• Heartburn, belching, and bloating often accompany the pain
• Nausea, vomiting, and anorexia, are more common in patients with gastric ulcer than with duodenal ulcer, but may also be signs of an ulcer-related complication

• Weight loss associated with nausea, vomiting, and anorexia
• Complications, including ulcer bleeding, perforation, penetration, or obstruction Laboratory tests
• Gastric acid secretory studies
• Fasting serum gastrin concentrations are only recommended for patients who are unresponsive to therapy, or for those in whom hypersecretory diseases are suspected
• The hematocrit and hemoglobin are low with bleeding, and stool hemoccult tests are positive
• Tests for Helicobacter pylori 

Other diagnostic tests
• Fiberoptic upper endoscopy (esophagogastroduodenoscopy) detects more than 90% of peptic ulcers and permits direct inspection, biopsy, visualization of superficial erosions, and sites of active bleeding
• Routine single-barium contrast techniques detect 30% of peptic ulcers; optimal double-contrast radiography detects 60% to 80% of ulcers

General Approach to Treatment

The treatment of PUD centers on healing the ulcer and reducing the risk of ulcer recurrence and related complications. Drug regimens containing antimicrobials such as clarithromycin, metronidazole, amoxicillin, and bismuth salts and antisecretory drugs (PPIs or H2RAs) relieve ulcer symptoms, heal the ulcer, and eradicate H. pylori infection. Successful eradication will alter the natural history of PUD and cure the disease. PPIs are preferred to H2RAs or sucralfate for healing H. pylori-negative NSAID ulcers because they accelerate ulcer healing and provide more effective relief of symptoms. Treatment with a PPI should be extended to 8 to 12 weeks if the NSAID must be continued. A PPI-based H. pylori eradication regimen is recommended in H. pylori-positive patients with an active ulcer who are also taking an NSAID.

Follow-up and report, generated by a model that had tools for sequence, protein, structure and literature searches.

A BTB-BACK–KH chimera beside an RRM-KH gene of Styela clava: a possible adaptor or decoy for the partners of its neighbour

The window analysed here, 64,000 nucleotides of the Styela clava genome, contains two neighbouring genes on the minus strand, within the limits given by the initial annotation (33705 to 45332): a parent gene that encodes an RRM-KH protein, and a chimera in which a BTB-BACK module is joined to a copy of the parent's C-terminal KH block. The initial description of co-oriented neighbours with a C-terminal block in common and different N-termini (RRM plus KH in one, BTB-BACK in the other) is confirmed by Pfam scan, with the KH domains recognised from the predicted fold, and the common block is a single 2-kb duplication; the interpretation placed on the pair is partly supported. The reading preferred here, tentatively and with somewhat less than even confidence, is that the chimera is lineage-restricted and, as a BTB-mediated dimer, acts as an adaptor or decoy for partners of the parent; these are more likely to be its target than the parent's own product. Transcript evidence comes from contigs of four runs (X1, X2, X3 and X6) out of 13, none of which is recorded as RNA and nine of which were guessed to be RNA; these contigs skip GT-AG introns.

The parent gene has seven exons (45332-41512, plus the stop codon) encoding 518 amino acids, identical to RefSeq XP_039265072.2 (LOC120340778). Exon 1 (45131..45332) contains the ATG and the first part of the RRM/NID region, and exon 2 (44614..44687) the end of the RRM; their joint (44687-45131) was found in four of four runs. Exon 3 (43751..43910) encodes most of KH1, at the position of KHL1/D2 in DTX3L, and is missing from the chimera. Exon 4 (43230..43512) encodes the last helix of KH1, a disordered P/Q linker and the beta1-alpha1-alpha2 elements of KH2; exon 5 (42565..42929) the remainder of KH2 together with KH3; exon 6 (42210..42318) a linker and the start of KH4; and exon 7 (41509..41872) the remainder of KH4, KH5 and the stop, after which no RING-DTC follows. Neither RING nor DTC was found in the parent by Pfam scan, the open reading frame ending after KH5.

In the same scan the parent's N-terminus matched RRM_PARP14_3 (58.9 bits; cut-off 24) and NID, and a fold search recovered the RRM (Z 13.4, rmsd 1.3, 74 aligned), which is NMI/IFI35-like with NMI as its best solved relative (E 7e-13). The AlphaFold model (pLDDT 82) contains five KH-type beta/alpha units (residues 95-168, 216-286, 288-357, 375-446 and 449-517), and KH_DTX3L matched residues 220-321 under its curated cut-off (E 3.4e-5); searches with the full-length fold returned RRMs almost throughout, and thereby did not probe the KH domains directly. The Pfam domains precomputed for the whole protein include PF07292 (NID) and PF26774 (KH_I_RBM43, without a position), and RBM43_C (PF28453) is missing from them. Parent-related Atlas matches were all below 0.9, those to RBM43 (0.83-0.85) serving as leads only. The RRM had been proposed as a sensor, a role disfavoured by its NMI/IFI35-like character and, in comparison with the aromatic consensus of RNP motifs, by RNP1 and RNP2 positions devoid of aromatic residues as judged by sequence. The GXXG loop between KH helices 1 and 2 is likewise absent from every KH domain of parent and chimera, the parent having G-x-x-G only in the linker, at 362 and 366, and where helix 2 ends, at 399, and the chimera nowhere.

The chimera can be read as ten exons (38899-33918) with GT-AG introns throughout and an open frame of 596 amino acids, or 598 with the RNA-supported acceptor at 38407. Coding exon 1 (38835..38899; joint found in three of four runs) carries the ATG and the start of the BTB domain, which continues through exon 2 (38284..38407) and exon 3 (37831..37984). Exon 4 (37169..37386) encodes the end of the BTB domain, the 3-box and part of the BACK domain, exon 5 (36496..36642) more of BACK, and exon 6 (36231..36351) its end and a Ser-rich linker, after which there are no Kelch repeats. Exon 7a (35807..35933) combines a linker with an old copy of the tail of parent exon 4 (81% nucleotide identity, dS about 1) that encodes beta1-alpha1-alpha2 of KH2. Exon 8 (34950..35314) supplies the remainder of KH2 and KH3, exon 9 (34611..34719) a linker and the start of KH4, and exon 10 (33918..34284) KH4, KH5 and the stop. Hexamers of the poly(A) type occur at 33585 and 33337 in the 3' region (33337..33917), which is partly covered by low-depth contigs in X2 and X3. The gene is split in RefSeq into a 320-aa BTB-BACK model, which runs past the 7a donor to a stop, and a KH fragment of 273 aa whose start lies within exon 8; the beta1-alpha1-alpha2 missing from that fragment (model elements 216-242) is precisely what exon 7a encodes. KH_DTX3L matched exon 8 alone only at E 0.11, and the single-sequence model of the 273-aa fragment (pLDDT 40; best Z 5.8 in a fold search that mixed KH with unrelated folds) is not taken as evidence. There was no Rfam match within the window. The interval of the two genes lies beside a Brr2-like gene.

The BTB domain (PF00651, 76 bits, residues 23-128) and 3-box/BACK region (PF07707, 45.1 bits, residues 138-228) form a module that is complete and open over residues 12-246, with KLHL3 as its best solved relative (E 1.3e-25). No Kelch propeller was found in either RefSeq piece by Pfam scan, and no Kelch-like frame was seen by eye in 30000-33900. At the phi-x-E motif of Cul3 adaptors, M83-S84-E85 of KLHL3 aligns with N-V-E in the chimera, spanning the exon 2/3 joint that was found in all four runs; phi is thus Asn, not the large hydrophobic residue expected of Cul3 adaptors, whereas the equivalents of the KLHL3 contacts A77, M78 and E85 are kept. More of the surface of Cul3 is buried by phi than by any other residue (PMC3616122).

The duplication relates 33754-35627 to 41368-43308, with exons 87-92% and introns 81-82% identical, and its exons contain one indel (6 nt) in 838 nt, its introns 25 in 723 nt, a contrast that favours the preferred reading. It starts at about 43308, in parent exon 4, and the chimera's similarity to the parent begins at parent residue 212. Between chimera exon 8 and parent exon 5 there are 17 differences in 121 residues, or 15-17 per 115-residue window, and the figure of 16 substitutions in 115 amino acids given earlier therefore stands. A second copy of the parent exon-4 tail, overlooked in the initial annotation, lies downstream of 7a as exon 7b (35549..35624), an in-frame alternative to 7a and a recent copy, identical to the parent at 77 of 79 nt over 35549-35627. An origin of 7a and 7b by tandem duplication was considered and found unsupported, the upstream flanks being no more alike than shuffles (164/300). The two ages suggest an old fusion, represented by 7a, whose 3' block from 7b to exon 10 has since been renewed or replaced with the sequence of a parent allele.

Prophylactic cotherapy with either a PPI or miso-prostol decreases ulcer risk and upper GI complications in patients taking nonselective NSAIDs. A COX-2 inhibitor may be used as an alternative to a nonselective NSAID, but the risk of adverse cardiovascular effects must be weighted against the gastroprotective benefits in each patient. The optimal therapeutic strategy for patients at very high risk of NSAID-related GI events is not known, but selected patients may benefit from the use of a COX-2 inhibitor and a PPI.